Monday, December 16, 2013

Krakow and Auschwitz


So I finally made it to Poland last month, to the medieval city of Krakow and nearby Auschwitz-Birkenau.

Not only was it a particularly memorable weekend thanks to visiting the latter, Krakow itself was memorable for being a great ancient city with a lot more going for it than most non-capitals in this part of the continent.


For a start it has Europe's biggest medieval market square at its heart, with the landmark St Mary's Basilica in one corner and rows of decent-quality restaurants and bars on all sides.

The best waterholes though were in the streets snaking off from the square, a lot of them subterranean spaces hewn out from the under-
lying bedrock so it was almost like drinking in decorated caves – have not seen many such bars anywhere else.

And I've not witnessed a drinking culture so 'spirited' since visiting Dublin, with the big exception that Polish booze is about 3x cheaper so it could get perilous if you're that way inclined (no surprise it's popular with stag parties here).


Away from the square is Wawel Castle and Cathedral on a fortress-like hill overlooking the city. And shortly away from the city is a UNESCO World Heritage attraction, the Wieliczka Salt Mine, which was once one of the world's largest and most profitable industrial sites when salt was the medieval equivalent of today's oil.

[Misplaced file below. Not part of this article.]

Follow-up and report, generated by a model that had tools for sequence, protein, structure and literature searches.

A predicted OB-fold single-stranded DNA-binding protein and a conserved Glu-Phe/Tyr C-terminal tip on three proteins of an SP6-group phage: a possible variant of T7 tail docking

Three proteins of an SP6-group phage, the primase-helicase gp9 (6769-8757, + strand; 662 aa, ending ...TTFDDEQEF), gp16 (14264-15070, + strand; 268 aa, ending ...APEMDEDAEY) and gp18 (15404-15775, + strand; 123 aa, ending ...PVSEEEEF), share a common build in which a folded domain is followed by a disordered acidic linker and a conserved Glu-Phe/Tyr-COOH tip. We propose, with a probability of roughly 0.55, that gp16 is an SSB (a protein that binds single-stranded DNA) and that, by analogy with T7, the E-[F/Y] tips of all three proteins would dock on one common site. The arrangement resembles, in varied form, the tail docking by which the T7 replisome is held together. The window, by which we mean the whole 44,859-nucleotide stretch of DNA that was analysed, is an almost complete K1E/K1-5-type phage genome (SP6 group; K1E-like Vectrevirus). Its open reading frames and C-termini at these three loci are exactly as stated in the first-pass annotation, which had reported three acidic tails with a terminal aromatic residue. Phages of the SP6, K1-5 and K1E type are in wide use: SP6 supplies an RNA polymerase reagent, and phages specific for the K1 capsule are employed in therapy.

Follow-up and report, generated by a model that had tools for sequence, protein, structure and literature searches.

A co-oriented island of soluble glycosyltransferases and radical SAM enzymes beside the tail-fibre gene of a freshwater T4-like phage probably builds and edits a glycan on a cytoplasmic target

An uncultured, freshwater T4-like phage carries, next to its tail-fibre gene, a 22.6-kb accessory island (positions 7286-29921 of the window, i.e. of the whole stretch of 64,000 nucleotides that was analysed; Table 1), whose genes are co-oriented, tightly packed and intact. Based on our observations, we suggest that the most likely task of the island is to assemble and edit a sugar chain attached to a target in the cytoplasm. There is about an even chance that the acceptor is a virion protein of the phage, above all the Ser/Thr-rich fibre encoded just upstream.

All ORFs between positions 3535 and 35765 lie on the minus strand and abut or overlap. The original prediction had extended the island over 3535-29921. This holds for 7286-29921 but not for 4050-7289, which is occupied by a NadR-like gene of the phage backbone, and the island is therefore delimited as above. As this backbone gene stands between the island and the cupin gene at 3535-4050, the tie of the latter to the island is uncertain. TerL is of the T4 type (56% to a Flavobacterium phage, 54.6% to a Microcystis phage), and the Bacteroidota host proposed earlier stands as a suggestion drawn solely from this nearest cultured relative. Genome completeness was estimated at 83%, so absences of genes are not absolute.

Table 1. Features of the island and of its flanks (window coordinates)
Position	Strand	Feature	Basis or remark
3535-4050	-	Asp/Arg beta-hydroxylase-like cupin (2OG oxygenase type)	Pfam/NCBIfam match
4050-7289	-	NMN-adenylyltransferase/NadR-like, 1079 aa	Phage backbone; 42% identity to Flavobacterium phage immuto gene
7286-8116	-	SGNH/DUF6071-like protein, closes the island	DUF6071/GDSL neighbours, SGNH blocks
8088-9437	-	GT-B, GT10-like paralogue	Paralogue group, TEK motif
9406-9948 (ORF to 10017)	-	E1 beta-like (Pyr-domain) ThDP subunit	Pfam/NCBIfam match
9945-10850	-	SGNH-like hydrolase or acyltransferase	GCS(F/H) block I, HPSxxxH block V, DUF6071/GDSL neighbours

There are 200km of passages to walk through (some of), created by 900 years of mining, and at least 2,000 caverns hewn out, as well as some impressive artistic wall carvings.



The most unforgettable part of the weekend though was always
going to be the journey through one of history's darker chapters at Auschwitz-Birkenau concentration camp complex (have written a separate, more substantial blog piece on my experience there at my other website). 

It was an aptly grey day weather-wise when I visited but here's a gallery of some of the better photos that came out of the camp buildings and piles of bi-products from its victims.


A sombre note to end the year on, but I'd robustly recommend anyone reading to visit both these places in 2014.


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